Cameron Waters has defended the decision to employ a conventional start for the Repco Bathurst 1000 after chaos broke out on Mountain Straight on Lap 1.
While the Mount Panorama circuit was mostly dry ahead of lights out, the exit of Hell Corner was covered in mud and dirt, and there was standing water up Mountain Straight on drivers' right.
The preceding race of the day, a Porsche Paynter Dixon Carrera Cup Australia encounter, was red-flagged less than four laps in, although the stated reason, unusually, was to prevent it from being classified as a points-paying race given the extent of Safety Car running and time-certainty.
Also unusual was the advice which Supercars Race Director James Taylor issued to teams over the Race Management Channel just before the start of Supercars' 161-lap showpiece, warning them of the water on the track.
It would prove prophetic when multiple cars broke traction on the drag towards Griffins Bend just seconds into the race, with both Jamie Whincup and Jack Perkins spinning, and Zak Best incurring race-ending damage in the mess.
Race 23 of the Repco Supercars Championship began under Safety Car when rain fell at The Bend, and a number of support category races during the Bathurst 1000 event started in the same fashion, including the aforementioned Carrera Cup session, although it should be noted that standing water and rivers around Mount Panorama were far more prevalent in those.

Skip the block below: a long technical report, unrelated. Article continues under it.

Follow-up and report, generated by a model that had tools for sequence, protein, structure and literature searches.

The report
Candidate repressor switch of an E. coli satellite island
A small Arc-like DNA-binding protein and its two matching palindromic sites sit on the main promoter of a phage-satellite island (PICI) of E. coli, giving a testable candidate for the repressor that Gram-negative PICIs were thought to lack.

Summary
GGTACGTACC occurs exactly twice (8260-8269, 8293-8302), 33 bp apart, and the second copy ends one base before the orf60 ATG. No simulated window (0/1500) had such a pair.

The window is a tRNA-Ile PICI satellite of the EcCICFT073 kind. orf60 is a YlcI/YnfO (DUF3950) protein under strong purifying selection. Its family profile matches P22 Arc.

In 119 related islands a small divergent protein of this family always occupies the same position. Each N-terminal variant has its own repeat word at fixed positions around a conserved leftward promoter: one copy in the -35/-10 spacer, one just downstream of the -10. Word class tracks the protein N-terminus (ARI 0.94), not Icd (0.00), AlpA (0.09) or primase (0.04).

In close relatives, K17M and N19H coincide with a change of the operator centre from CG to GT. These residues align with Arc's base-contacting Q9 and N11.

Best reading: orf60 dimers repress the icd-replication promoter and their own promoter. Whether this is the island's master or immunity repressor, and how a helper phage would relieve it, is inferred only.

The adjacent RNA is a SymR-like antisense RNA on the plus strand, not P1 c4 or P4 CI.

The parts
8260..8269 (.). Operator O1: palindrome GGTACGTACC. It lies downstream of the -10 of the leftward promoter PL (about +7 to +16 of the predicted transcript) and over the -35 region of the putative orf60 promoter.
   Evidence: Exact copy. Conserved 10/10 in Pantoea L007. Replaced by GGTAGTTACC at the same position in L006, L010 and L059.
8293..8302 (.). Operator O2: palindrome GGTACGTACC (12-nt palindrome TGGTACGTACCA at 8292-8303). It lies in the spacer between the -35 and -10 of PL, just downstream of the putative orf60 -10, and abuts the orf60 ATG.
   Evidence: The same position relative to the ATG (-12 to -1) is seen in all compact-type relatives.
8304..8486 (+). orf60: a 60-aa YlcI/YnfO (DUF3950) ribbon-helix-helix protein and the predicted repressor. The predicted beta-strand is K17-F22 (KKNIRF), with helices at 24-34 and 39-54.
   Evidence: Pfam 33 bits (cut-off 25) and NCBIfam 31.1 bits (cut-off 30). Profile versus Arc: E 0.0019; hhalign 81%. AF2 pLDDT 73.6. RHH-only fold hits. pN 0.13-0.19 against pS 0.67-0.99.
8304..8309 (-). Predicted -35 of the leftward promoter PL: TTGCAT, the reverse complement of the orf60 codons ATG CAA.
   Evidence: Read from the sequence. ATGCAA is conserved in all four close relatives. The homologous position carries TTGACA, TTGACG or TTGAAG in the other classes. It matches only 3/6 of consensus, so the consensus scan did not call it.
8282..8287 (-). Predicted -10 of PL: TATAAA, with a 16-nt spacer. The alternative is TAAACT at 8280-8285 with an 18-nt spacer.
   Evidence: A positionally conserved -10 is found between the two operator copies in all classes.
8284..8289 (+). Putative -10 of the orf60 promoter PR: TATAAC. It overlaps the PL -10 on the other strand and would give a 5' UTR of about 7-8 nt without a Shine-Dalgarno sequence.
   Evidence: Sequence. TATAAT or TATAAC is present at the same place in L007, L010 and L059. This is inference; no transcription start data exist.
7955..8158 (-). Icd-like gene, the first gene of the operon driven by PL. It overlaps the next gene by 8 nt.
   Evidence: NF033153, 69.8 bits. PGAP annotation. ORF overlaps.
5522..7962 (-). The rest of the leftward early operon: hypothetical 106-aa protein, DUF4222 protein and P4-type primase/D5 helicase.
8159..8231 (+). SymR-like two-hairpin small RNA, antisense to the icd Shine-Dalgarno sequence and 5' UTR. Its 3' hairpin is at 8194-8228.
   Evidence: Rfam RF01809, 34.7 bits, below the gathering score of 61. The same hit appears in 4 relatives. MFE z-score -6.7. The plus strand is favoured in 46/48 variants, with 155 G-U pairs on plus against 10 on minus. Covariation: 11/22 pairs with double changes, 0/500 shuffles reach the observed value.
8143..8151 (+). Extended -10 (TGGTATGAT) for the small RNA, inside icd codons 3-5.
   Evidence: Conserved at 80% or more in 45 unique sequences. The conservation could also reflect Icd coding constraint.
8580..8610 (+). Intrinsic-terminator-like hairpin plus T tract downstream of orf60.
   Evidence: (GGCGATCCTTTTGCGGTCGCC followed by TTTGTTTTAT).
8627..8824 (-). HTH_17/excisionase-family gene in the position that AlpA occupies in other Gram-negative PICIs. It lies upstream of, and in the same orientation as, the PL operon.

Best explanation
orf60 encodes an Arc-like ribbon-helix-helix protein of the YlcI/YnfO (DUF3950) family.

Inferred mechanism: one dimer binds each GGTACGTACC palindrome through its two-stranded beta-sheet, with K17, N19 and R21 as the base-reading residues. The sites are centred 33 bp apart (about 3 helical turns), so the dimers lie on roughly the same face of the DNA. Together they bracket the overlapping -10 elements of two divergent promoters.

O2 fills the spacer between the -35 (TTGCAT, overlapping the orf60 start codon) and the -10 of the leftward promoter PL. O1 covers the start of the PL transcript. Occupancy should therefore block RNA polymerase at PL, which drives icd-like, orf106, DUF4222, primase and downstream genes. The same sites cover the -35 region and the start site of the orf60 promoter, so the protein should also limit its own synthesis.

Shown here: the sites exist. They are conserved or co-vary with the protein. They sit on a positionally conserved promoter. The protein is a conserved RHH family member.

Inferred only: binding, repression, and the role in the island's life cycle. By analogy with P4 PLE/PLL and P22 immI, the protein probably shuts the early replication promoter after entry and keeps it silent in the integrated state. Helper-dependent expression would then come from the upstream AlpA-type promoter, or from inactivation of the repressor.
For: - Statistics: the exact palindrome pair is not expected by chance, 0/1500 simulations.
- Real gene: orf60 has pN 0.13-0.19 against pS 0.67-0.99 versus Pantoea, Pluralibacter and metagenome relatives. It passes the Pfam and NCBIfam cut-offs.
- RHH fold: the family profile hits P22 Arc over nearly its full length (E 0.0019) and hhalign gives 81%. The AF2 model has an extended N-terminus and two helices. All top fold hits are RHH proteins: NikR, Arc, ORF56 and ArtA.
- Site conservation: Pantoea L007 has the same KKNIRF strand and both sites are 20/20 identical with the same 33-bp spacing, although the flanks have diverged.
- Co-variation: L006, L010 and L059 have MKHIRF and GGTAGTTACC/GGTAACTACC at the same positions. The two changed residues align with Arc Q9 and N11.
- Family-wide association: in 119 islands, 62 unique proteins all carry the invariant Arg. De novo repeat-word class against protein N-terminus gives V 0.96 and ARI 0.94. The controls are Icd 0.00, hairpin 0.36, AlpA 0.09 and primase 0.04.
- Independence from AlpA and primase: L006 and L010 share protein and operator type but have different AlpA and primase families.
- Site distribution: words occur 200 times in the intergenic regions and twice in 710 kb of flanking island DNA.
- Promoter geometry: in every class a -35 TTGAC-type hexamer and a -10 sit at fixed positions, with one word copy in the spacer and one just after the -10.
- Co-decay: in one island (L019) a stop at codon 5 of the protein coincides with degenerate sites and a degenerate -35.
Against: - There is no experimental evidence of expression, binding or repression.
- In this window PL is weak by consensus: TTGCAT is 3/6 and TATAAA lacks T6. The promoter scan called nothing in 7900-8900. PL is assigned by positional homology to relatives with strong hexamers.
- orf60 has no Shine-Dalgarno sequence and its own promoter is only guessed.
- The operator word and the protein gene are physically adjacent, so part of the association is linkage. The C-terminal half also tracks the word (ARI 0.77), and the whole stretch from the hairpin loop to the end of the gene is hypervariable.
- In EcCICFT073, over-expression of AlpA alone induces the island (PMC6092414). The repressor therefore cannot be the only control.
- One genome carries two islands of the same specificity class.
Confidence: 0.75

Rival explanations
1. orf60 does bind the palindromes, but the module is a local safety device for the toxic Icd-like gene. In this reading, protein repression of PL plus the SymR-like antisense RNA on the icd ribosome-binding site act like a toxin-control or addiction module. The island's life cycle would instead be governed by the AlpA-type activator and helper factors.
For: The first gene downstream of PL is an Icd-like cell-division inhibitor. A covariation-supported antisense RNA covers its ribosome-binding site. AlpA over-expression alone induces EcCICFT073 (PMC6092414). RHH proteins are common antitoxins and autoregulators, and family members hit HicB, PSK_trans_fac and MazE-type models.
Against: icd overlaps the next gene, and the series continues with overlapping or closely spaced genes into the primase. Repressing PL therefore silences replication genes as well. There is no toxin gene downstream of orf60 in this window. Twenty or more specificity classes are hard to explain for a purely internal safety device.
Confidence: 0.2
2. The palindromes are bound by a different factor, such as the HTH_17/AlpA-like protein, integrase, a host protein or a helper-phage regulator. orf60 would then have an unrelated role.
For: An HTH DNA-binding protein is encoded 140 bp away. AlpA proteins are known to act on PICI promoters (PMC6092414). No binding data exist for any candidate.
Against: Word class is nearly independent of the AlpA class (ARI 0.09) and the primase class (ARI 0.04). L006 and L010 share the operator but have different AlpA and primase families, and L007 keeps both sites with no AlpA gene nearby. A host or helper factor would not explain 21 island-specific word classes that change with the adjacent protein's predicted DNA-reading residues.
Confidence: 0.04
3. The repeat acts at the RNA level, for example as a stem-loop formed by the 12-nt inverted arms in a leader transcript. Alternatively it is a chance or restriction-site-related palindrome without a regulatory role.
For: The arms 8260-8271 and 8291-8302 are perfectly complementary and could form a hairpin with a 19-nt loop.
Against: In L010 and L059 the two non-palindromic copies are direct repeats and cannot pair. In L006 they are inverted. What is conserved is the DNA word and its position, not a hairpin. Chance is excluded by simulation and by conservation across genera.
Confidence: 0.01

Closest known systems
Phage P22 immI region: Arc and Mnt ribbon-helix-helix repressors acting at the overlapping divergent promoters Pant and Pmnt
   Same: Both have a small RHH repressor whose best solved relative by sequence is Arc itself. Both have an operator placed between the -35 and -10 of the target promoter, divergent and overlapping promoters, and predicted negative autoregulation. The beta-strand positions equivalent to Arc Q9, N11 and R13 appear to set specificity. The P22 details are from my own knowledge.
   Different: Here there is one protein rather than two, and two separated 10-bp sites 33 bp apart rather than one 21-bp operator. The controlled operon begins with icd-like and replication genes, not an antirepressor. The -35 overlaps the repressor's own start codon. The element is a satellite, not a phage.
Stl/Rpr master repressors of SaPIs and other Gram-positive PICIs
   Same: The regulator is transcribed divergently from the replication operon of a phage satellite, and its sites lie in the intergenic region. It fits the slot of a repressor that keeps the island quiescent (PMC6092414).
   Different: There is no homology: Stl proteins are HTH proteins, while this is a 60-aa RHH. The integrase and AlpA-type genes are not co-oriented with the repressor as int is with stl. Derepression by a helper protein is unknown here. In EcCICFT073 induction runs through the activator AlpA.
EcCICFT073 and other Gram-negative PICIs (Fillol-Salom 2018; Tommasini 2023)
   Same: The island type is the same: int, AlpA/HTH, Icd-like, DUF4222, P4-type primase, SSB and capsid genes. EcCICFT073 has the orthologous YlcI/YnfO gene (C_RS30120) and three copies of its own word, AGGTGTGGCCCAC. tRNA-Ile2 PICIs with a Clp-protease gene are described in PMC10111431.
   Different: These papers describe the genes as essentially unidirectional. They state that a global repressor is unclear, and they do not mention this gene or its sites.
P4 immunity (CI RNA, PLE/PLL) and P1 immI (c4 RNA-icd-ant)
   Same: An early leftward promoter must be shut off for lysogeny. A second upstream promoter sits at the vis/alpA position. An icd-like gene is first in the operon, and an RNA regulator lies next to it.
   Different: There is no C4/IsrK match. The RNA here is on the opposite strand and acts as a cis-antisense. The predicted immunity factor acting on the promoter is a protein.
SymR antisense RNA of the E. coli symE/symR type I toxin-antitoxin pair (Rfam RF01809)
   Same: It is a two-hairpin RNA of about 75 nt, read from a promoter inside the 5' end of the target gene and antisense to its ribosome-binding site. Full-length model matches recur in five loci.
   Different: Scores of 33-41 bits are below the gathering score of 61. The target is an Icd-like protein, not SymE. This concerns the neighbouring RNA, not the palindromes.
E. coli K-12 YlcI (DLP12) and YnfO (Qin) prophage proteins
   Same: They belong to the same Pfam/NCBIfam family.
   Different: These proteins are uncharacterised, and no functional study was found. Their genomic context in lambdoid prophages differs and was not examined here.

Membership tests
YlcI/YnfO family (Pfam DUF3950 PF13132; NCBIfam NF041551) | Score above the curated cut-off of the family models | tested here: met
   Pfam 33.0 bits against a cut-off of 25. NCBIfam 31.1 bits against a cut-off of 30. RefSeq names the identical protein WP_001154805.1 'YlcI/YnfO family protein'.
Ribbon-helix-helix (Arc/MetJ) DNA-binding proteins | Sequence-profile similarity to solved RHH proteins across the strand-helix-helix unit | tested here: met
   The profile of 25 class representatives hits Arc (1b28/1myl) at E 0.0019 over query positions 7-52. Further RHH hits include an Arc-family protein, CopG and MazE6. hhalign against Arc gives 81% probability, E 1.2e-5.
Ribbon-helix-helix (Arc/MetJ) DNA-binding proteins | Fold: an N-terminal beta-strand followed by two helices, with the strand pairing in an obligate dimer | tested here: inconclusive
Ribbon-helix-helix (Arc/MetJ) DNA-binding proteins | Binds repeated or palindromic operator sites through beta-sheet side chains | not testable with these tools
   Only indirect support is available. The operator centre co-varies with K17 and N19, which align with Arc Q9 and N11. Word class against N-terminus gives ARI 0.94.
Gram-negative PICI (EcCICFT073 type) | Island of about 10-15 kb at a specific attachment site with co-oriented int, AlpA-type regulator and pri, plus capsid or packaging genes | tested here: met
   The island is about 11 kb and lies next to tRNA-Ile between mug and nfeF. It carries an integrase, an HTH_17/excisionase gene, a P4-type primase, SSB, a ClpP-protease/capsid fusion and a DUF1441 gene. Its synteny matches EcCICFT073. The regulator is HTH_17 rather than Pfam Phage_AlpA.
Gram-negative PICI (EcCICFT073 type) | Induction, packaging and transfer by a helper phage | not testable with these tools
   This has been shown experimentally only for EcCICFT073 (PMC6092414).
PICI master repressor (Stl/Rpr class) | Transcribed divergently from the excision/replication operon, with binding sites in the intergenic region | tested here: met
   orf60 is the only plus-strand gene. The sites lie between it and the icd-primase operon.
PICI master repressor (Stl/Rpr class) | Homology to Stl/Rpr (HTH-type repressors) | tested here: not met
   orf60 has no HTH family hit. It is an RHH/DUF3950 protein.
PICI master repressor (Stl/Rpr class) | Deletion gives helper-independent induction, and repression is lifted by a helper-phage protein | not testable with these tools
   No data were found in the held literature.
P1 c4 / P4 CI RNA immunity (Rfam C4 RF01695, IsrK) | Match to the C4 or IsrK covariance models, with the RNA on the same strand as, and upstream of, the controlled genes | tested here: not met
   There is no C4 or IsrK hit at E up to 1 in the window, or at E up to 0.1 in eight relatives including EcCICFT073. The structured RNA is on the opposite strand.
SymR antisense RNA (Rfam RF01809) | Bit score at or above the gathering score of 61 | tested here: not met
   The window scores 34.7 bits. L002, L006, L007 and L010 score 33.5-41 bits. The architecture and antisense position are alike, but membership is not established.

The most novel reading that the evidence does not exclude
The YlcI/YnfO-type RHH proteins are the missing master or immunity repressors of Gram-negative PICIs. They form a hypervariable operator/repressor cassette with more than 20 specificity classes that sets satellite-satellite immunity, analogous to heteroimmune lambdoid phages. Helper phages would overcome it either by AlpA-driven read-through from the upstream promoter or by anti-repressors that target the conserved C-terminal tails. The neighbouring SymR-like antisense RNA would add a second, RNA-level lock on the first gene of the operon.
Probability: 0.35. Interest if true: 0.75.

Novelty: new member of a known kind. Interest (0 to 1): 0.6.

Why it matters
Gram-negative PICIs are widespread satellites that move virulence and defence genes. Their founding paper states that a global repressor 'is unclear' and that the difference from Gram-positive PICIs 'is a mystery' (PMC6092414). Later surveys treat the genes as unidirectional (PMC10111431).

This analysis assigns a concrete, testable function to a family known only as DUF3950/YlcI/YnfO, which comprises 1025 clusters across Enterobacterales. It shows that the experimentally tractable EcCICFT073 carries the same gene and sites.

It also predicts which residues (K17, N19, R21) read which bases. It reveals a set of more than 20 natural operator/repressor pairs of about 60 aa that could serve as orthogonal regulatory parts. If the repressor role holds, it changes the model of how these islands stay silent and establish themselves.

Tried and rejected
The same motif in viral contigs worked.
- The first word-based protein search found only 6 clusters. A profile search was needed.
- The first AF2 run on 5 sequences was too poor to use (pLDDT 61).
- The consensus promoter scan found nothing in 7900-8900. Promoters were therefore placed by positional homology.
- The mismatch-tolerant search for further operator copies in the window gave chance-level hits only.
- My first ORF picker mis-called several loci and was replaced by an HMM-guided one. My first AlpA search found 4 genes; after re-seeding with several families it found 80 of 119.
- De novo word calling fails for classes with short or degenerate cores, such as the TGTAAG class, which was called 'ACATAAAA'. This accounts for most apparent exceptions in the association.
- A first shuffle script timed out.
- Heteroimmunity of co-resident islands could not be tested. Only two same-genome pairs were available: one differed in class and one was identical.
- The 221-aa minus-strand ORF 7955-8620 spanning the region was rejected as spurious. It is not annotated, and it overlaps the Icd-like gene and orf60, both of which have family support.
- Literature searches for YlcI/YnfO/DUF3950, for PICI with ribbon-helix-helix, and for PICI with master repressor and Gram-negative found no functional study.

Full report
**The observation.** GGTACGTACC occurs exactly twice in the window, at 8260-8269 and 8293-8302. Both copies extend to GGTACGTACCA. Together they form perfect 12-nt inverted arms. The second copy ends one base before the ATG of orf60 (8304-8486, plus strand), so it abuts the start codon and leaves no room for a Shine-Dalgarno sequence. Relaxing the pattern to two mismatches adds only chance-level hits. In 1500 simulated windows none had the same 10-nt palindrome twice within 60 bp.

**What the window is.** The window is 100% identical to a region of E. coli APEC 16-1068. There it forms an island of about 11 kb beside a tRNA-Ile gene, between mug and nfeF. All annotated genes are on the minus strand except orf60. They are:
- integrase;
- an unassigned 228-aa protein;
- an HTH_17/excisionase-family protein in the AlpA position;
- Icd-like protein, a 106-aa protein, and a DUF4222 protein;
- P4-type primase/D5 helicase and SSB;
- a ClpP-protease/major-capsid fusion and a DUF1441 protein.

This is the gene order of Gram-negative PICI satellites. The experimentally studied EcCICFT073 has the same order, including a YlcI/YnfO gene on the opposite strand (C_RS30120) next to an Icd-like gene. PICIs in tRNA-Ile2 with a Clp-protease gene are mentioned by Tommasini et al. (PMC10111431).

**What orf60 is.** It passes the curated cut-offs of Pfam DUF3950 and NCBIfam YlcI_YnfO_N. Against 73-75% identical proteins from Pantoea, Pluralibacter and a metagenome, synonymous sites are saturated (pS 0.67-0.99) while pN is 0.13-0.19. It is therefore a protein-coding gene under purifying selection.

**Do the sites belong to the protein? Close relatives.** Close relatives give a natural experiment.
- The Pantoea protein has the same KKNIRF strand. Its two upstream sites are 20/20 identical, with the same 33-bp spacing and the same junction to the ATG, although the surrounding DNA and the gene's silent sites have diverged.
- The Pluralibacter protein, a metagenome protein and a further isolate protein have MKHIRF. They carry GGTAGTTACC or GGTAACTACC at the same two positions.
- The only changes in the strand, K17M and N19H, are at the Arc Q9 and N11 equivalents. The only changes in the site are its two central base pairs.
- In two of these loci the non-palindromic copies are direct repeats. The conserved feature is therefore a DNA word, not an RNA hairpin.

The podium-finishing drivers were asked by Speedcafe.com to comment on whether or not the race should have started under Safety Car, but Waters declared that Race Control made the right call.
“We can't go all soft like Formula 1, so I think we did the right thing,” said the Tickford Racing driver, who had endorsed the decision to cancel the Top 10 Shootout on the afternoon prior.
James Moffat had started the race in the #6 Monster Energy Mustang, and Waters said he had confidence in his co-driver's ability to handle one of the most challenging first stints in race history, during which a brief, patchy shower left drivers tip-toeing on slicks.
“I was quite happy watching the other guys drive around in it,” he remarked after he and Moffat stood on the bottom step of the podium.
“They were having moments and stuff.
“I had my faith in ‘Moff' to do a good job and he did a good job in those conditions, so I was happy watching.”
“It was alright; we had some fun out there,” said the Walkinshaw Andretti United co-driver, who shared a runner-up finish with Mostert in the end.
“It was pretty dicey in a couple of spots, being on slicks – The Chase was soaked, Turn 2 [Griffins Bend] was pretty wild – but the rest of the track wasn't too bad, so we just had to manage those two areas.
“I guess, you just know your role, you know your job, you've got to get back in one piece and go as fast as you can in those conditions.”
This year's Bathurst 1000 was the first in history in which the Top 10 Shootout was cancelled, due to the risk caused by the masses of standing water and rivers around the circuit, with Mountain Straight a particular trouble spot then as well.
Makeshift drainage work took place overnight prior to race day action kicking off, although it proved not enough to allow the water to clear.
The Safety Car on Lap 1 would be the first of six in 57 laps, not all of which could reasonably be attributed to the conditions, and there were only two more triggered in the subsequent 104 laps as the circuit dried out, with drivers even using more conventional lines through Hell Corner by the conclusion late on Sunday afternoon.